No matter what happened in 2013, it is now behind us, and it is time to look ahead to 2014. Hope is the thing that most of us want to feel with a new year. We want to know that we have another chance to get it right, to make a difference, to have an impact on the lives of others around us. What can we do to get us off to a new start? Here are some tips for individuals as well as for companies and leaders.
Set your resolutions: Some of the more popular resolutions people make are about improvements in their lives, such as physical well-being (weight, exercise, health), mental well-being (positive outlook), spiritual connections (improving a personal relationship with God, volunteering their time to others), financial acumen (saving more money, getting out of debt), education (going back to school, taking a course), career (advancement, changing careers) and overall personal improvements (being better organized, time management, reduced stress). While important to set such goals, research shows that in most cases people do not end up meeting their goals.
Be accountable: To have a better chance of keeping your resolutions, make them public. Gain support from family or friends (for example, exercise together or take a course together). It is also important to set specific, measurable goals. Saying you will be healthier in 2014 is not as effective as saying you will eat three fruits or vegetables per day.
Be a little easier on yourself: While it is important to set challenging goals, sometimes our goals may be too unrealistic. With the 24/7 culture we live in, we believe that we can accomplish more and more and more with less time and resources. Then we become discouraged with ourselves for not accomplishing it all. So, we need to set more realistic goals and stop judging ourselves by what everyone around us is doing. Can we really be a superstar in every realm in our lives? And is this really that critical?
Simplify your life: Most people find that cleaning up the clutter in their offices or houses really helps their mental state. Same with getting rid of things that you really no longer need.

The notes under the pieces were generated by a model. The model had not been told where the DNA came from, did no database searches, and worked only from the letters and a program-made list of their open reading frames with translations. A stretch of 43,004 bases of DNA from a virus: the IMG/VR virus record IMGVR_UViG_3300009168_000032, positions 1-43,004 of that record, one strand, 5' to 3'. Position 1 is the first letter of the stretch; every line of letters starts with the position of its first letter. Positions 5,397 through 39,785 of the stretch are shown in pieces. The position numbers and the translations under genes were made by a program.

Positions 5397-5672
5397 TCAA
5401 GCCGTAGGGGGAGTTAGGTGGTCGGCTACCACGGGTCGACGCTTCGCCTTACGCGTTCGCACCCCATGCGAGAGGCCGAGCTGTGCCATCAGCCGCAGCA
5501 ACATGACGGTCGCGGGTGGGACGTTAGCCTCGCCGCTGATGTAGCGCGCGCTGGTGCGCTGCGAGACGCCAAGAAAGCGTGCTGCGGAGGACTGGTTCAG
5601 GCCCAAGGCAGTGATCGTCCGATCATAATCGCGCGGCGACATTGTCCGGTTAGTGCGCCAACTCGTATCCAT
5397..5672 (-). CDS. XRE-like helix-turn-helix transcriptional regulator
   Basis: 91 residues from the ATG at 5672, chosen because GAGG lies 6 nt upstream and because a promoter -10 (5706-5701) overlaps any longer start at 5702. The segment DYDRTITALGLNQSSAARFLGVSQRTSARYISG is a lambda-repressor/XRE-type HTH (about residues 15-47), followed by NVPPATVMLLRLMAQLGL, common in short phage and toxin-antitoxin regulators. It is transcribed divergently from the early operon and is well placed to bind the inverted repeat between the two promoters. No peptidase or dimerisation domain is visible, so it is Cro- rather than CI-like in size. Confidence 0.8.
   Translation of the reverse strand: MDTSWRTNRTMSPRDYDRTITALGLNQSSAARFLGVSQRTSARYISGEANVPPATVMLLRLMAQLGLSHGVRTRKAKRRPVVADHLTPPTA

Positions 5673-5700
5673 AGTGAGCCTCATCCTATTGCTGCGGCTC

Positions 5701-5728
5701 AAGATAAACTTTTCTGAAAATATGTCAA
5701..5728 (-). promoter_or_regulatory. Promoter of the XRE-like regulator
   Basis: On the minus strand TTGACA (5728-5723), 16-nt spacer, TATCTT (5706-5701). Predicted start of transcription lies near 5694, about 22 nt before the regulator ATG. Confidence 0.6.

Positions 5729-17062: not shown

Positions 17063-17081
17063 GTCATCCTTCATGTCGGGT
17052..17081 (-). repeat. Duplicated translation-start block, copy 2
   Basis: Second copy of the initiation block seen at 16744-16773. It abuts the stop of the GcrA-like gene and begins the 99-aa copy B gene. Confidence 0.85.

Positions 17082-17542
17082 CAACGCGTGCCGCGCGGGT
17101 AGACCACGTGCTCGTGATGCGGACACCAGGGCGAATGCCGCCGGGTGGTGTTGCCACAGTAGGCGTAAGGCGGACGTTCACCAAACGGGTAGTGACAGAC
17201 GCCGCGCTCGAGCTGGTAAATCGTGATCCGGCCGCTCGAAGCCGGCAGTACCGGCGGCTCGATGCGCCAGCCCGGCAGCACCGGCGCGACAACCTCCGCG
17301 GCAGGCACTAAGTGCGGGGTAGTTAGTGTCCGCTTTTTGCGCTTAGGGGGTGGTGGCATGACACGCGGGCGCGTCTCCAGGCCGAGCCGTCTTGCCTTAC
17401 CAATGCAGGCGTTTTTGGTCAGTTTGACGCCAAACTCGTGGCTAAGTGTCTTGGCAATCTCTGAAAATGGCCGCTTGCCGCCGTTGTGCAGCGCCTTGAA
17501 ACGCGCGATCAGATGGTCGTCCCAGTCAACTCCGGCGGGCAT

Focus on others: If you ask most people when they feel the best about themselves, they often mention times they have reached out and helped others — whether by teaching them something, volunteering their time or expertise, or giving of themselves in some way. With life as chaotic as it is, this is the part that really grounds us and puts things into perspective.
Look outside: Rob Sheehan, author of “Mission Impact” (an occasional contributor to Career Coach), writes in his blog (www.sheehannonprofitconsulting.com) that our environment is increasingly volatile, uncertain, complex and ambiguous. He notes that this type of world provides companies even more opportunities than before for their leaders to be externally focused, have clarity of purpose and remain nimble. By “externally focused,” he means leaders need to pay vigilant attention to trends and changes in the environment. They should get out of the office regularly and talk with clients, collaborators and even competitors. To have clarity of purpose, Sheehan says have a specific purpose for the firm and its goals.
Be nimble: Don’t be wedded to past practices if you aren’t getting the results you need, Sheehan writes. Today’s world requires creative responses to changes in the environment. Similarly, Bryan Anderson, founding member of All Solutions 360, also says that the outlook for this year is very positive for companies that can manage change and deal with an ever-changing environment. Being adaptable is what separates companies that are successful and those that aren’t.
Invest in the business: The economic climate of the past few years has had many firms “making do” with patches to their various internal systems (e.g., financial systems, payroll systems, IT systems). Now may be the time to invest in longer-term fixes and finally make improvements that can align with the firm’s business strategy.
Companies may now finally be able to hire some new employees. They should, however, also ensure that their compensation is equitable for their current employees who may not have received as many raises or bonuses over the past few years.
Show your appreciation: All leaders in the company, especially the chief executive and other senior leaders should take the time to reach out to their employees to share their appreciation for their time and hard work. This is especially important if employees have been asked to do more work with fewer resources.
There are plenty of things both individuals and organizations can do to make 2014 a great year. We just have to start.
Joyce E. A. Russell is the vice dean and the director of the Executive Coaching and Leadership Development Program at the University of Maryland’s Robert H. Smith School of Business. She is a licensed industrial and organizational psychologist and has more than 25 years of experience coaching executives and consulting on leadership and career management. She can be reached at firstname.lastname@example.org.